Arizona Daily Wildcat October 21, 1997
Pedestrians are the main obstacles to campus bicyclists - or at least that's what some bicyclists say.
While campus bicycle paths serve thousands daily, some of those thousands are pedestrians weaving through traffic on their way to Dawg Daze.
"My biggest problem is riding through that mess of people at 11 a.m. in front of the Union," said David Priniski, a music freshman.
And Priniski is not alone in complaining.
"Pedestrians are always on the bike path," said bicyclist Kelley Carpenter, a media arts sophomore.
"Pedestrians can maneuver out of the way a little easier, but we have the bike," marketing sophomore Jeremy Greene said.
Yet bicyclists are only one side of the equation.
"When it gets really crowded they (bicyclists) don't stay in the bike lane," said Jessica Boartfield, an undeclared sophomore.
"They come up on the sidewalks."
While both bicyclists and pedestrians complain about on campus traffic, walkers have one advantage bicyclists don't have - traffic laws.
Students on bikes should be aware that transit laws apply to them as well as automobiles, said Larry Barton, associate director of parking and transportation services.
Bicyclists are just as subject to fines as car drivers, he added. "Bicycles are ruled as vehicles."
While a bike violation will not affect driving records, offenders may face a monetary fine.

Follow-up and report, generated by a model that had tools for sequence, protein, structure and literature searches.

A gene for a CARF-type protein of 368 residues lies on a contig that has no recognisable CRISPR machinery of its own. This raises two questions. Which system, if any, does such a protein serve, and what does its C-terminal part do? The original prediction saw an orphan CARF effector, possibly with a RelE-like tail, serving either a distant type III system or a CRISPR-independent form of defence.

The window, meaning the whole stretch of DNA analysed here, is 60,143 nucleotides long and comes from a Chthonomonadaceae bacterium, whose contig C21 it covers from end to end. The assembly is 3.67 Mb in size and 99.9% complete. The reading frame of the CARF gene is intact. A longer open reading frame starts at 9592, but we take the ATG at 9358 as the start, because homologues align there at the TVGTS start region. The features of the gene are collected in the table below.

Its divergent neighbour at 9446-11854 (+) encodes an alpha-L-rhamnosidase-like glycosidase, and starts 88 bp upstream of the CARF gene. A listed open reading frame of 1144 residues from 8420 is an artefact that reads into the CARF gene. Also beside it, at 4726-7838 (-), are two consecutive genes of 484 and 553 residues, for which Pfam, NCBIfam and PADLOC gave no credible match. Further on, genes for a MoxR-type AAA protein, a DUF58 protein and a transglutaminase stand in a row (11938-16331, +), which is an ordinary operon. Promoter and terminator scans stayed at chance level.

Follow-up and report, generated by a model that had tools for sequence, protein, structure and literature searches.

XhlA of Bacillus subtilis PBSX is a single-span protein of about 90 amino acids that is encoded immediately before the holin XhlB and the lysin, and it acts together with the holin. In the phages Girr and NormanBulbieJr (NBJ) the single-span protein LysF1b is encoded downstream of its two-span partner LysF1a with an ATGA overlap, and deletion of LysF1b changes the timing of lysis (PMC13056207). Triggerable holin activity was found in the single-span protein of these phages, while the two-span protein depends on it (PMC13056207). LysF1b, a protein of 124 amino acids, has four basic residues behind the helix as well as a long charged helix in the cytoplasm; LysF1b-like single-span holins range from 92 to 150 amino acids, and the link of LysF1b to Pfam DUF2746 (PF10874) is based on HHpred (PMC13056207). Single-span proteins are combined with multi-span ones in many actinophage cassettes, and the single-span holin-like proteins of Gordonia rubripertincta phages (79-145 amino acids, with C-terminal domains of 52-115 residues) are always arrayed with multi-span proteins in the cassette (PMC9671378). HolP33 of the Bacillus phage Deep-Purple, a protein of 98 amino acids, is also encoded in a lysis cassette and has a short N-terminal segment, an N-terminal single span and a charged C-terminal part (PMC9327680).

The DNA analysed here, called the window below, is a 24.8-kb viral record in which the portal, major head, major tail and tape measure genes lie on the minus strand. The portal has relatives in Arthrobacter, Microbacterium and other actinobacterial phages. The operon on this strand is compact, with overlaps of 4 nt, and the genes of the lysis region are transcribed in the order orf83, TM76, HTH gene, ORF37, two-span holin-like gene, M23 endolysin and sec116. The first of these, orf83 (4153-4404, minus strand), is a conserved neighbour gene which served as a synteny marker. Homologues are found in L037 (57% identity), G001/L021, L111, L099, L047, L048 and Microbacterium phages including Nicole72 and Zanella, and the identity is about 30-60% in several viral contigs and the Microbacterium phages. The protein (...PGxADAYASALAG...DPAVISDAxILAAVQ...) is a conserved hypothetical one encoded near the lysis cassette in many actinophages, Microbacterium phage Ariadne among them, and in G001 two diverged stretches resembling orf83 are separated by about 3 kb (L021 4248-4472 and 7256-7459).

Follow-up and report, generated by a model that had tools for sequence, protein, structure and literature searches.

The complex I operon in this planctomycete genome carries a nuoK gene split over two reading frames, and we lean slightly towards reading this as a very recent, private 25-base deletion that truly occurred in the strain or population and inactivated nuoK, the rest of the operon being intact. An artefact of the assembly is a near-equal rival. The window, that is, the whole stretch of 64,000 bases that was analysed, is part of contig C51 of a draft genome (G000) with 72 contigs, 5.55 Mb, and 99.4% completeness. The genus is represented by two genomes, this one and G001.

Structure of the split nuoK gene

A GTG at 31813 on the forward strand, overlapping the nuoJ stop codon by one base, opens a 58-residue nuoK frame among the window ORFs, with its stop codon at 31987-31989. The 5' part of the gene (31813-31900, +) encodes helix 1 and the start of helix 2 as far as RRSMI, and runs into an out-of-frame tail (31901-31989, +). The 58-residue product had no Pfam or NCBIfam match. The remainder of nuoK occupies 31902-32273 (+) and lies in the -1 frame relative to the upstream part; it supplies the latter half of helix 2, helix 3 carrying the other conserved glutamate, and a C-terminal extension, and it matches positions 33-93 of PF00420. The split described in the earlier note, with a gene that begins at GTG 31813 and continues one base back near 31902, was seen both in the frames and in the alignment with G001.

Students running a stop sign can receive a $61 fine. Traveling the wrong way down a one-way street costs $40.
"Bicycles are required to follow the same rules as a motor vehicle," Barton said.
Just like cars, bicycles must also yield to pedestrians in a crosswalk, he said.
"A bicycle needs to come to a halt to allow a person to cross over (the bike path) or they can swerve depending on traffic," Barton said.
"Pedestrians just don't look before they cross bike paths," said Sarah Owens, a Spanish teaching assistant.
Creative writing graduate student Susan Rogers said she was unaware of bike regulations.
"I didn't even know I could get a ticket on my bike," Rogers said, adding that pedestrians irk her as well.
"People walking the bike lanes is not helpful," she said.
Barton said the majority of complaints occur at the beginning of each semester, and at these times offenders are generally warned rather than cited.
"We choose not to have to give them (citations) out, if a person can understand safety," he said. "We would rather educate than cite an individual."
Parking and Transportation Services officials and university police are authorized to write bike citations.
A UA architect said he is conscious of campus traffic patterns as he plans the locations of traffic signs, new buildings and how they will affect the existing flow.
Mark Novak, a landscape architect at campus and facilities planning, said he consults UAPD, risk management and parking and transportation services for the general design of the bicycle paths, especially when placing new stop signs.
"We look at the overall circulation of the campus," Novak said. "It (sign placement) is a combination of looking at history of accident reports and safety."
He added stop signs have recently been placed at the corner of East Fourth Street and the bike paths behind the Shantz Building, 1200 E. South Campus Drive.
Students voiced safety concerns and the new signs were added, Novak said.
East Second Street in front of the Harvill Building, 1103 E. Second St., is also a trouble spot, said Melyssa Santa Cruz, an education junior.
Novak said there is no plan to place stop signs at this location.
"We wouldn't want to put in unnecessary stops," Novak said, adding excess signs cause complaints from cyclists.
Barton said students should take precautions while on campus and specifically in high traffic areas.
"It's a small area with a large population," Barton said. "You have a congested campus and people need to use caution."